Follow the videos which instruct you on how to first, prep the parts of your carbon filter. Followed by the assembly of your carbon filter.
Step 7: Attach Eyebolts, Side Panels & Wheels
Its best to install the eye-bolts before fitting the panels. The eye-bolts give you an anchor to affix lights or fans.
Attach the remaining side panels to your grow box. Once finished, the remaining space left open will effectively act as your front door/opening.
You will need a way to power your LED lamp and a fan inside the box. In order to do this, a heavy duty extension chord was attached and sealed to the back panel.
Don't forget to make sure that your panel's insides are painted a flat white for optimized reflection. Wheels
Step 8: Seal Your Grow Box & Finish Your Door
I sealed my grow box simply with strips of heavy duty duct tape. I started with long narrow strips of duct tape, that were laid down first to cover the tiny space between the panel edges. After which, I used a much wider strip of duct tape to seal and cover the first strip. I figured this might provide a stronger seal.
One benefit of using duct tape to seal your box edges, is that if for any reason you want to break the box down, you have that ability. Sealing the box with calk is an option, though your box will be much harder to break back apart.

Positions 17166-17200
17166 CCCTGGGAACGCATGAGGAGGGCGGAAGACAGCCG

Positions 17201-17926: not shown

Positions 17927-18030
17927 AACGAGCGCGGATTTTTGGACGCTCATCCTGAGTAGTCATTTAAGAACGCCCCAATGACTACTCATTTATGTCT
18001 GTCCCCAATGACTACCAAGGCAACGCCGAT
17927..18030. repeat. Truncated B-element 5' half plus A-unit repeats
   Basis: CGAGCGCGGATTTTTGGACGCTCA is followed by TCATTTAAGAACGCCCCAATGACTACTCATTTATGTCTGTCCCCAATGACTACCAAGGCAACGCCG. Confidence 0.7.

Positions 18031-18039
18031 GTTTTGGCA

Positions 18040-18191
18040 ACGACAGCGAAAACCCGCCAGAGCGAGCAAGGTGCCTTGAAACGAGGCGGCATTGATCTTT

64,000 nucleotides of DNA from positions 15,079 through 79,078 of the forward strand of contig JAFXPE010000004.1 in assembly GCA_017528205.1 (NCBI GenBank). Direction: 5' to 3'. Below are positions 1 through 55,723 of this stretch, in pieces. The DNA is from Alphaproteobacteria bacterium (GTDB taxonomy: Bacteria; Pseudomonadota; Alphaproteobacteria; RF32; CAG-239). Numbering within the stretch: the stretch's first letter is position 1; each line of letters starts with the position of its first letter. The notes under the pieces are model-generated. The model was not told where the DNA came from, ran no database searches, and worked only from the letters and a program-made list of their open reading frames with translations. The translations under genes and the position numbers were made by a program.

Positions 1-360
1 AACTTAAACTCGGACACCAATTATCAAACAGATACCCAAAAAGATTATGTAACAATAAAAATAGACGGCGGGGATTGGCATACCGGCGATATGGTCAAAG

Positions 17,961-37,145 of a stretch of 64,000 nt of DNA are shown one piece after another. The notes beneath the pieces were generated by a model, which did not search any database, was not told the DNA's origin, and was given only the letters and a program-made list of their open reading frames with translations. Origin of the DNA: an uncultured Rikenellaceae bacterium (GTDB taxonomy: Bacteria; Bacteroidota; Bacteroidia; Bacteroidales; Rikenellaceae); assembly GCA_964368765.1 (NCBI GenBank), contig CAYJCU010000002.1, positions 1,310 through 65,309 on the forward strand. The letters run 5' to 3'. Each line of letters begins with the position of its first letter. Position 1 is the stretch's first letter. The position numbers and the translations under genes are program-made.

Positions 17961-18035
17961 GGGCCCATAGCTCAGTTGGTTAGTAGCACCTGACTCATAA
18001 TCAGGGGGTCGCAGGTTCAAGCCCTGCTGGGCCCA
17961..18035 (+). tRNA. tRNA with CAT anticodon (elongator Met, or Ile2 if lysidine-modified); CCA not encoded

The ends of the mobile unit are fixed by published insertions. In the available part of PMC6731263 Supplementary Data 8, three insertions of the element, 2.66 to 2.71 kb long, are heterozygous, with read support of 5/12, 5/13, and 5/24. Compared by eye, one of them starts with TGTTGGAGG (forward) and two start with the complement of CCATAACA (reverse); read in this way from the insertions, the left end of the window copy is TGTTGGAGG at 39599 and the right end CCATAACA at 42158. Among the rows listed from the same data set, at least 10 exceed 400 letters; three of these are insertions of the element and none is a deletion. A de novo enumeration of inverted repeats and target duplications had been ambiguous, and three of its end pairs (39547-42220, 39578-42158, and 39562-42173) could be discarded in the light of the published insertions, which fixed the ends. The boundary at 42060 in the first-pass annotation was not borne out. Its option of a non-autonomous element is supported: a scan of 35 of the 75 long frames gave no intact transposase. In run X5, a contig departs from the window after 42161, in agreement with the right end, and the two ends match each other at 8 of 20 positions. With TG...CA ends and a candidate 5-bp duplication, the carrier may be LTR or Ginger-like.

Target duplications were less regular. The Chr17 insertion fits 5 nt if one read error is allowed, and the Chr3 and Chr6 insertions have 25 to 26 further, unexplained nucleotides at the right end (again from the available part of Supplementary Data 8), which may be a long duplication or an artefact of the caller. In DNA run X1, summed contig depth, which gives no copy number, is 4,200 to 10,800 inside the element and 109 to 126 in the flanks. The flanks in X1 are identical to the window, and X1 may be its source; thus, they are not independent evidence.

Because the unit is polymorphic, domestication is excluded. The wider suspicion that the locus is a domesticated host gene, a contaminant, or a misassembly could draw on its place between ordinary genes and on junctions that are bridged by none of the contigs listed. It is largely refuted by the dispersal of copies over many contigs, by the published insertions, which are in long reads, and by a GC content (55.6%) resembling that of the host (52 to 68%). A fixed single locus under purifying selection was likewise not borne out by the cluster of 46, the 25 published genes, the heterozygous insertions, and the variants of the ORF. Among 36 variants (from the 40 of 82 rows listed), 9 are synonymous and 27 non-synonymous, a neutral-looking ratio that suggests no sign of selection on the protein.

Weather stripping can be placed around your front opening's edges. Instead of placing the weather stripping flush with your opening's edges, you may try leaving a 1.5mm lip of weather stripping above your doors edge. Do this everywhere you place the stripping, except on the box's floor inside edge. If you place stripping down here that is not flush with your edge line, you risk snagging the stripping with your door's bottom edge when trying to close the box.
It seems if you do this right you may not need to add heavy duty duct tape to your door in order to cover any light/air leaks, thus sealing your box. To seal the box I had to build layers of tape up and add a covering flap of tape over edges. The video explains how I did this. The final door is by no means polished, but it did work as needed.
Hinges would be another option for a better door, however being a sound non wood worker/cabinet maker, the few times I've tried using hinges, the resulting door is much worse.
Step 9: Finish the Inside, Add Your Light & Carbon Filter
Adding your finishing touches, spray paint the remaining parts inside your grow box that aren't yet flat white. Attach your LED light and plug it into the box's inside power outlet.
Attach the bottom portion of your finished carbon filter to the top of the grow box. Next fill the inside with activated carbon. The activated carbon should be spread evenly inside and cover any penetrating light. Connect the top portion of the carbon filter containing fan. Insert the fan's power plug into the outside extension chord outlet on the back of the box.
Step 10: Add a Plant & Start Growing
Now you can put a plant inside your box and begin growing....
Participated in the
Hand Tools Only Contest 2016
Participated in the
Make a Box Contest
Participated in the
Urban Farming Contest